How the Pomodoro Technique can help improve your focus
Keeping the focus throughout a long project such as a dissertation or thesis is certainly not an easy task. When we have a long project in front of us, but the end of it seems unachievable, we tend not to start.
We avoid every task for the same reason: Taking action will cause us a certain amount of pain. (Phil Stutz and Barry Michels)
Recently one of my favourite tools to fight the procrastination cycle has been the Pomodoro Technique which I have been using for the past 6 months. The main idea is to break a bigger task into small ones to keep focused. The Pomodoro Technique is based on 4 main principles:
- Work with time – not against it
- Eliminate burnout
- Manage distractions
- Create a better work/life balance
The Pomodoro has to encourage consciousness, concentration, and clear-minded thinking. It’s been proven that 20- to 45-minute time intervals can maximize our attention and mental activity, if followed by a short break. (The Pomodoro Technique Book)
To start using the technique you will have to:
- Decide the task to be done
- Set the timer for 25-35 minutes
- Work on the task (and nothing else) until the alarm sounds
- Take a short break (5 minutes) and go back to your task
- Take a longer break of 15–20 minutes after 4 pomodoros
The first impression is usually that not much can be accomplished in 25 minutes. The surprise though is we tend not to realize how distracted we are by ‘short’ interruptions, such as emails, phone calls, etc. The beauty of the pomodoro is to recognize, right from the first time, how much can be done in 25 minutes of focused work, and after 3 or 4 pomodoros how hard it is to keep focused without controlling it somehow.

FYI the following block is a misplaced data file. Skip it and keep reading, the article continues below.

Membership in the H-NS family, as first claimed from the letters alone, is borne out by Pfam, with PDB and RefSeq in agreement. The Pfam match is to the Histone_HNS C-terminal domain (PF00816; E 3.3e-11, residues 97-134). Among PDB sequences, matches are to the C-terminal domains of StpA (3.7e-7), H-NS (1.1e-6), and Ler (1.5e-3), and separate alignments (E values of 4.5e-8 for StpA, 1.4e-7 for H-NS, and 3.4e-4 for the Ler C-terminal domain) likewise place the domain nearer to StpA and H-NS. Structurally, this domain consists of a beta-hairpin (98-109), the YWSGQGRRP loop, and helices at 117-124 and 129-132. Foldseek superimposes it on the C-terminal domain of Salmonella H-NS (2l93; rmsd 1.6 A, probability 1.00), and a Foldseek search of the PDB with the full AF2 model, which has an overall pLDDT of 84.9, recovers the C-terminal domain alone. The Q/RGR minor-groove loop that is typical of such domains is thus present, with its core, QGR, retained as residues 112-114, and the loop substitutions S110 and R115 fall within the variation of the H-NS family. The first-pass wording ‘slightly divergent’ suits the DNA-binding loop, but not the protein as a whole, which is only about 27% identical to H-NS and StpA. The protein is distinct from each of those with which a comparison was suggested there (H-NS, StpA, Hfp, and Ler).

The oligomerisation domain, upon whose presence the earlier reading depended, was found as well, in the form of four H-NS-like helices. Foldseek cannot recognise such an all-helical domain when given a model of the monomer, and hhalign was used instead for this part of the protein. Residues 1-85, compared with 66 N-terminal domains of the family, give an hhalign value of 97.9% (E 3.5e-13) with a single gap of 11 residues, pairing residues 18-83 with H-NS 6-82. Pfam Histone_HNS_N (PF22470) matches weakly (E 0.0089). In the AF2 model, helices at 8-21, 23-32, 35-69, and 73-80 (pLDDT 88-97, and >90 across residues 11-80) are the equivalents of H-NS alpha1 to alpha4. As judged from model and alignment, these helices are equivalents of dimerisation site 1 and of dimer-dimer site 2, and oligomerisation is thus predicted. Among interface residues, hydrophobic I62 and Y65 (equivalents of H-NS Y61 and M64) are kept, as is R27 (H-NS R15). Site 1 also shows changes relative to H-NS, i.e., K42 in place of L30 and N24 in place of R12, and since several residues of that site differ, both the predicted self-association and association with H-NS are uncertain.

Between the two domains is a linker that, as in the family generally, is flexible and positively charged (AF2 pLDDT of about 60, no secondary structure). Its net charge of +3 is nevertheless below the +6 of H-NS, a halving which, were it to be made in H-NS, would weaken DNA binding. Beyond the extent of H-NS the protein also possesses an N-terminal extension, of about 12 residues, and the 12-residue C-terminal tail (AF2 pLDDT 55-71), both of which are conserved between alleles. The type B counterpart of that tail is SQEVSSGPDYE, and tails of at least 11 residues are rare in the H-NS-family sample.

Another common thought is that 5 minute intervals are not enough. But they are enough to make a cup of tea, have some snacks, scan your emails to make sure the world keeps safe while you are immersed in your important task. These are all we need. Remember 25 minutes also go by quickly and another 5 minute break will come soon, so get back to the task. These 5 minute breaks serve the purpose of relieving your mind from the task and not doing anything that requires more deep thinking, such as replying to more complex emails, writing short letters and so forth. The 15-20 minute breaks can be used for that if you like.
The pomodoro can be measured using a simple kitchen timer, but there are many apps available if like me you are into tech findings. I have been using the Grandfather Deco, which is a Google Chrome plug-in. I chose this app because it allows notes on what task will be done for the next 25 minutes – I set it up for 25 – and it keeps a record throughout the day. By the end of the day you know how long you spent on each important task. An extra advantage is the chance to grasp how long each task took to be completed, which after some practice helps better plan your time.
In reality the technique is just one more tool and you can adapt to benefit from it according to your working practices. I do think it helps focusing when reading and writing, and those are the tasks to which I would generally apply pomodoro. I believe it is valid to stick to 25 minutes, as it keeps your brain ‘fresh’, however I sometimes don’t do the 5 minute break if my writing is going well and I think I can handle 25 minutes more. My main guide is the 25 minutes, as they are the important part of it, so skipping the 5 minute break does not mean I can pause the pomodoro before the next completed 25 minutes – unless an unexpected interruption happens. So keep in mind that a pomodoro is 25 minutes of focused work with no interruptions. If the phone rings, pause it. This is the only way to confidently evaluate the time of ‘real work’ by the end of the day.
I would love to hear from you about the techniques or tools you use to keep focused. What have you been using to keep focused?